DIY Film DX Code Labels




Introduction: DIY Film DX Code Labels

Do you have a stuborn film camera that takes the ISO information from the DX code on the canister?
Do you want to push/pull your film, but your camera doesn't let you override the ISO value?
Did you buy cheap film with no DX encoding in the canisters?

I have the solution for you!

Some might scrape the paint to uncover the metal contacts. However, I find it very time consuming.
I prefer to make DX labels and stick them to the canisters.

More information on DX encoding:
DX encoding simulator

If you find something wrong in this instructable, please tell me.

Step 1: Tools and Materials Needed

To follow this instructable you will need:
- Aluminium foil
- Clear plastic adhesive sheet
- Adhesive tape
- Scisors
- X-acto knife

- Printer, to print the label layout.

Step 2: Print Layout

In this step you have to transfer the pattern onto the paper backing of the adhesive sheet.
You can use the attached pdf files to print the patterns.

I used a cardboard sheet and taped the adhesive sheet, so I could feed it through the printer.
But you can also print a regular sheet of paper and then manually trace over onto the adhesive sheet.

Then you have to:
1- Cut the label.
2- Remove the black areas with an X-acto knife.
3- Bend in half. It will make it easier for the next step.

Step 3: Assemble Labels

Now, cut a piece of foil roughly the size of the label. Don't worry with precise measurements.

Use the bend on the label to peel apart only half of the paper backing.

Then stick the foil to the exposed adhesive of the label. Make sure you match the edge of the foil with the bend you previously made.

Peel apart the remaining paper, and fold the label over the foil.

Then cut away the excess foil, following the edges of the adhesive paper.

Finally, don't forget to note the direction of the label and the ISO value with a permanent marker. I usually use the barcode side as a reference.

Step 4: Use It

Now you just have to stick the label to your film canister. Use two small pieces of tape on each side of the label.
Do not cover the exposed foil!

To verify if the contacts are touching correctly the label, place the film in the camera and wiggle it a little.
Take out the film and look at the foil. It should have the markings of the contacts.

Now go have fun and shoot!

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    Maya Warthon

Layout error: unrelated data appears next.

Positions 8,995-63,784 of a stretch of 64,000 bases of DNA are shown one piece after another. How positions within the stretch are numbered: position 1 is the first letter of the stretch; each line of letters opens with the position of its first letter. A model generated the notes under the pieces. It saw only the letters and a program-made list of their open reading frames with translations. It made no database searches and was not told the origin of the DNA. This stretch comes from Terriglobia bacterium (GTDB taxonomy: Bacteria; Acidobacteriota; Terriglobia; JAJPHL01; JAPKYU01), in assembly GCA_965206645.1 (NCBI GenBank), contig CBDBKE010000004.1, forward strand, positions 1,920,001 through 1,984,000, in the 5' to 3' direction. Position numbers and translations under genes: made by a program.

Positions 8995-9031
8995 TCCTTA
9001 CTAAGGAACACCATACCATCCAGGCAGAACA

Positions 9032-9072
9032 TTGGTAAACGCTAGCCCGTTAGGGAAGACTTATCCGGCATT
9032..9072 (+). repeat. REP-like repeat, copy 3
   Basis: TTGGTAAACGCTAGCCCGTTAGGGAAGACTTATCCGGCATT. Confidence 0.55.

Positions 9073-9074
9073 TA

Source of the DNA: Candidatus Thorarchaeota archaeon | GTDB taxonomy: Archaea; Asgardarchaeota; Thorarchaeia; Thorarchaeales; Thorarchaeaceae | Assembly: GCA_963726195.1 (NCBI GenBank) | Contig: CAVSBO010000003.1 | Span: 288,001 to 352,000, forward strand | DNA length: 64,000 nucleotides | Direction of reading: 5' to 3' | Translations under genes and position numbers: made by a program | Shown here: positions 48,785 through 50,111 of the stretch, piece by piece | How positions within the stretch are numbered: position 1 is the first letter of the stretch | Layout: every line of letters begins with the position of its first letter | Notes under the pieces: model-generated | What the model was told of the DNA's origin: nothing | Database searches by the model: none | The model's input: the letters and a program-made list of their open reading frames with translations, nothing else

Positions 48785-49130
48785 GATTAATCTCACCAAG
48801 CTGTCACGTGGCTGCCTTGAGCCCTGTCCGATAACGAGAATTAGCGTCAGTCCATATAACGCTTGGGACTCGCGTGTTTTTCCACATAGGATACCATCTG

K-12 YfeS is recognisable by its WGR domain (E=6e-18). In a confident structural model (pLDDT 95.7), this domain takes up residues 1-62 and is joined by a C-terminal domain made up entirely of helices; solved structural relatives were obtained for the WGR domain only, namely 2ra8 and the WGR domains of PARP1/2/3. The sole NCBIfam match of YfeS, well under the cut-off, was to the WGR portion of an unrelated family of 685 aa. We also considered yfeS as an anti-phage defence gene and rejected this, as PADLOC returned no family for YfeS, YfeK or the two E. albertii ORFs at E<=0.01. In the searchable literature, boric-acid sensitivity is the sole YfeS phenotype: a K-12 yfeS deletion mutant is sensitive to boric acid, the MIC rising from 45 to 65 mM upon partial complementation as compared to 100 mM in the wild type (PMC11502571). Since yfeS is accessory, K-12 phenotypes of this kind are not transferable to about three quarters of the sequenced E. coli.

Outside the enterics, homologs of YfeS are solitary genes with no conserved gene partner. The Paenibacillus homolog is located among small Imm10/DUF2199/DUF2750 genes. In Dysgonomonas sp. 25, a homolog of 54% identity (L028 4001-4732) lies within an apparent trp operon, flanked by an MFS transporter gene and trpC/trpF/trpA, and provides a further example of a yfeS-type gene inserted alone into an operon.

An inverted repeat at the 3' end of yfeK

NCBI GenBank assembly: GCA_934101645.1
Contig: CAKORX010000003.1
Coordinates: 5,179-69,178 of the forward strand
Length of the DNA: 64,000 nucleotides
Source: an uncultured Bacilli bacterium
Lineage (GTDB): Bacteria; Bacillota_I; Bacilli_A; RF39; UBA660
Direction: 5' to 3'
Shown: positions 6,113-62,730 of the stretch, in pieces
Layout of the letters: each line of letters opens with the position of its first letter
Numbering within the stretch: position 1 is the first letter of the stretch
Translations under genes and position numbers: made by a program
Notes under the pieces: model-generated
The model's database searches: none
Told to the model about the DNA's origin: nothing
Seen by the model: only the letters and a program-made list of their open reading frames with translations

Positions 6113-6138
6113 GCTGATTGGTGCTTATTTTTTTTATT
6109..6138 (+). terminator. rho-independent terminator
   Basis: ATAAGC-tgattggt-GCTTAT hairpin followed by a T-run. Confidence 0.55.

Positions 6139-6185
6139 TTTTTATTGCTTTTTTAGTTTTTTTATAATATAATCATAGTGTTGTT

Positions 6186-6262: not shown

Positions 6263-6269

Maya Warthon

    2 years ago

    Hey! I also used paper labels and sticked the code with some masking tape on my film.
    Do you think, that the paper can be too thick to make the code work? Or does it work as long as the aluminium contacts are exposed?


    Reply 2 years ago

    did this work? :)


    3 years ago

    amazing idea! I'll try it tonight.


    3 years ago

    Excellent work! I'm always excited to see more DX hacks.
    As the person who you linked to about scraping the ink off the cartridges for my own DX hack, I do have to say that I don't think that scraping ink is not as "time consuming" as this solution. But your solution allows for any DX codes to be created, so it's awesome!


    6 years ago

    I'll be making this today... Slightly different approach, I have adhesive backed aluminium foil pipe repair tape and regular paper labels. I'll be sticking the foil tape directly to the film canister and simply printing and cutting a paper label to go on top. Little bit easier I think :)


    Reply 6 years ago

    If anyone's interested I made a quick PHP program to generate a label for your selected film properties;

    White boxes should be cut out to expose foil beneath

    Comment here if you use it please :) also double check results against a known film as this is based off a Wikipedia article :D


    7 years ago

    Worked great. Thank you.

    I printed the codes on a full sheet clear label which made printing the labels easy. Instead of tape I left a little label on the top and bottom and it stuck well to the metal canister. I used Avery labels.


    9 years ago

    Very cool idea
    Thanks for sharing!